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Torrent Alternatives

How To Use Usenet, Torrent Alternative
Original Article

Usenet is considered to be the most “private” way to share files. In other words, no MPAA or RIAA watching your back. It is fast, has a lot of content, and it’s getting more popular, even though the technology is almost 30 years old. Time for an introduction.

Sounds great, but let me start off with the downside to Usenet. The biggest disadvantage is that high speed Usenet servers are not free. You need at least some kind of paid subscription plan to be able to get decent speeds on Usenet. For some people this is not a problem, their argument often is that they already pay a lot of money for high speed broadband access, so why not pay a little extra to get the best speeds out of it. (click read more for the rest).

Last Updated (Wednesday, 23 September 2009 22:43)

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SSH Tunneling

Tunnel HTTP traffic through SSH

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I just found out an easy way to beat most web/content-filtering system (provided SSH traffic is not blocked). SSH is a good choice because it’s natively installed on most Linux and Mac system. Windows user can download a small software called Putty, which can run without being installed. SSH server also available on almost all Linux server as well as some Linux based routers. Here’s how to do it in Windows:

  1. Download Putty and Run
  2. Type in the IP of Linux box or other SSH server you have access to and make sure the port is correct too
  3. Under the tab “Connection –> SSH –> Tunnel” set a local source port *preferrably random number above 1024*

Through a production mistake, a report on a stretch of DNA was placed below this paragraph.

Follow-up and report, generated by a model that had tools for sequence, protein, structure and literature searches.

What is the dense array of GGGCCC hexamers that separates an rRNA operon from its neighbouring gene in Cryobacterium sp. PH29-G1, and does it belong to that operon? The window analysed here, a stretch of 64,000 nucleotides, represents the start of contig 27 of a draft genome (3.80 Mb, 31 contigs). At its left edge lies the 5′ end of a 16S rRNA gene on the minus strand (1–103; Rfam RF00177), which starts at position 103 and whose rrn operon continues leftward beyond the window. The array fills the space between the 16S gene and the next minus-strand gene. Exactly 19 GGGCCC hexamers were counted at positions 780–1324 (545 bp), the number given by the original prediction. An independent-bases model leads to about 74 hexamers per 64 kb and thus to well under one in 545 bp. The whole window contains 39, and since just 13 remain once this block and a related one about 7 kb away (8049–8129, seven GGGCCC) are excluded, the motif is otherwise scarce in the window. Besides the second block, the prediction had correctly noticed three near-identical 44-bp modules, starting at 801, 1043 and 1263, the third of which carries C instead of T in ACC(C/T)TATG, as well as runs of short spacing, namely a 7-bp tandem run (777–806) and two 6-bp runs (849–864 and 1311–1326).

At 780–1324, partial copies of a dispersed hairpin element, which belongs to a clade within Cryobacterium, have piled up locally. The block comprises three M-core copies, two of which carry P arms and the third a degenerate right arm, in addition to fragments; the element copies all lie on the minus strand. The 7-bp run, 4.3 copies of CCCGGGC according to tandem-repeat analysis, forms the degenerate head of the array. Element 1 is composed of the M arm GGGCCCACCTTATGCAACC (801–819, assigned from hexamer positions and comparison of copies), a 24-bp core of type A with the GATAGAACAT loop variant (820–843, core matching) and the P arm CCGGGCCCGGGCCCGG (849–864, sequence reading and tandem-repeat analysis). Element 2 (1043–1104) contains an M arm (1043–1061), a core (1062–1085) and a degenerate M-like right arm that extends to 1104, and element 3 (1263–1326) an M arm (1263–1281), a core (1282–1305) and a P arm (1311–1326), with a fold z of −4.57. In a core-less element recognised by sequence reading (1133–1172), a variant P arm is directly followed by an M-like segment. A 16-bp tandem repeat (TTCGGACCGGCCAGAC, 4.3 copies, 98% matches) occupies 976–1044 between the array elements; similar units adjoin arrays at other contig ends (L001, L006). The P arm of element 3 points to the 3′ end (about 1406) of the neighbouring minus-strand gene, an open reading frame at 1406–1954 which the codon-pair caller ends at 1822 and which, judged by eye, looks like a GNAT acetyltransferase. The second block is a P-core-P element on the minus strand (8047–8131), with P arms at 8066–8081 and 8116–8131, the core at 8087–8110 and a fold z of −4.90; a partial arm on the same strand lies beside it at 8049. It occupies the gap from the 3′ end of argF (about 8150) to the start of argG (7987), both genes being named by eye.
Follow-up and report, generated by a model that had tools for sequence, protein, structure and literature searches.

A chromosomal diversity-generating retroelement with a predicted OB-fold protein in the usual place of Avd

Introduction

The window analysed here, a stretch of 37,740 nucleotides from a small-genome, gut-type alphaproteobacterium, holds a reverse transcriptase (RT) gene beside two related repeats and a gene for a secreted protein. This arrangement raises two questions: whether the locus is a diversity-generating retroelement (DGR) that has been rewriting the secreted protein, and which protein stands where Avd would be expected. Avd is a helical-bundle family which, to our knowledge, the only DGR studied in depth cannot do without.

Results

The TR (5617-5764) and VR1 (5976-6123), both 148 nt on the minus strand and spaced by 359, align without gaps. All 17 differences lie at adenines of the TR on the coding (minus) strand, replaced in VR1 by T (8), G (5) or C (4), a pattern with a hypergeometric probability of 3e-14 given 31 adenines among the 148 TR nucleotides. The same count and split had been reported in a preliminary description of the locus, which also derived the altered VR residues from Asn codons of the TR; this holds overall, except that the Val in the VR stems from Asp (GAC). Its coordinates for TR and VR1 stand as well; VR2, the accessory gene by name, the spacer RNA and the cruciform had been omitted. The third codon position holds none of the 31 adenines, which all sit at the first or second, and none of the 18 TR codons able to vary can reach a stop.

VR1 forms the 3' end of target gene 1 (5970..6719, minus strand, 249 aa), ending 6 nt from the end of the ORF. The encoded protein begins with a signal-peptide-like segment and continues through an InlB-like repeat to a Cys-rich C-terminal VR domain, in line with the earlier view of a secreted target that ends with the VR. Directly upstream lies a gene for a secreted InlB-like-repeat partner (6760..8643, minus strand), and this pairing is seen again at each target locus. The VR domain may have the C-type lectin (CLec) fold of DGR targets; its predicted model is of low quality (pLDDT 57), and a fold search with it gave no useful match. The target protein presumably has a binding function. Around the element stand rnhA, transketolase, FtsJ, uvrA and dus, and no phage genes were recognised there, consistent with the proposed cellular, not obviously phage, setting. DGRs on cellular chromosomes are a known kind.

4. Under destination choose “Dynamic” and “Auto
  5. Then click open
  6. Open IE or Firefox and find the proxy configuartion
  7. Set your localhost as the SOCKS proxy server and the port is the local source port you choose on Step 3
    NOTE: On Firefox choose SOCKS v5, and on IE include “localhost,″ as the addresses exempted by the proxy

That’s all needs to be done.

For those who wants to use it with IM services like MSN, here’s what you need to do:

  1. Goto Tools -> Options -> Connection
  2. Click on Advanced Settings
  3. On SOCKS type and click Test

Last Updated (Wednesday, 23 September 2009 22:44)


The Six Dumbest Ideas in Computer Security

The Six Dumbest Ideas in Computer Security

Original Article

There's lots of innovation going on in security - we're inundated with a steady stream of new stuff and it all sounds like it works just great. Every couple of months I'm invited to a new computer security conference, or I'm asked to write a foreword for a new computer security book. And, thanks to the fact that it's a topic of public concern and a "safe issue" for politicians, we can expect a flood of computer security-related legislation from lawmakers. So: computer security is definitely still a "hot topic." But why are we spending all this time and money and still having problems?

Let me introduce you to the six dumbest ideas in computer security. What are they? They're the anti-good ideas. They're the braindamage that makes your $100,000 ASIC-based turbo-stateful packet-mulching firewall transparent to hackers. Where do anti-good ideas come from? They come from misguided attempts to do the impossible - which is another way of saying "trying to ignore reality." Frequently those misguided attempts are sincere efforts by well-meaning people or companies who just don't fully understand the situation, but other times it's just a bunch of savvy entrepreneurs with a well-marketed piece of junk they're selling to make a fast buck. In either case, these dumb ideas are the fundamental reason(s) why all that money you spend on information security is going to be wasted, unless you somehow manage to avoid them.

For your convenience, I've listed the dumb ideas in descending order from the most-frequently-seen. If you can avoid falling into the the trap of the first three, you're among the few true computer security elite.

Last Updated (Wednesday, 23 September 2009 22:44)

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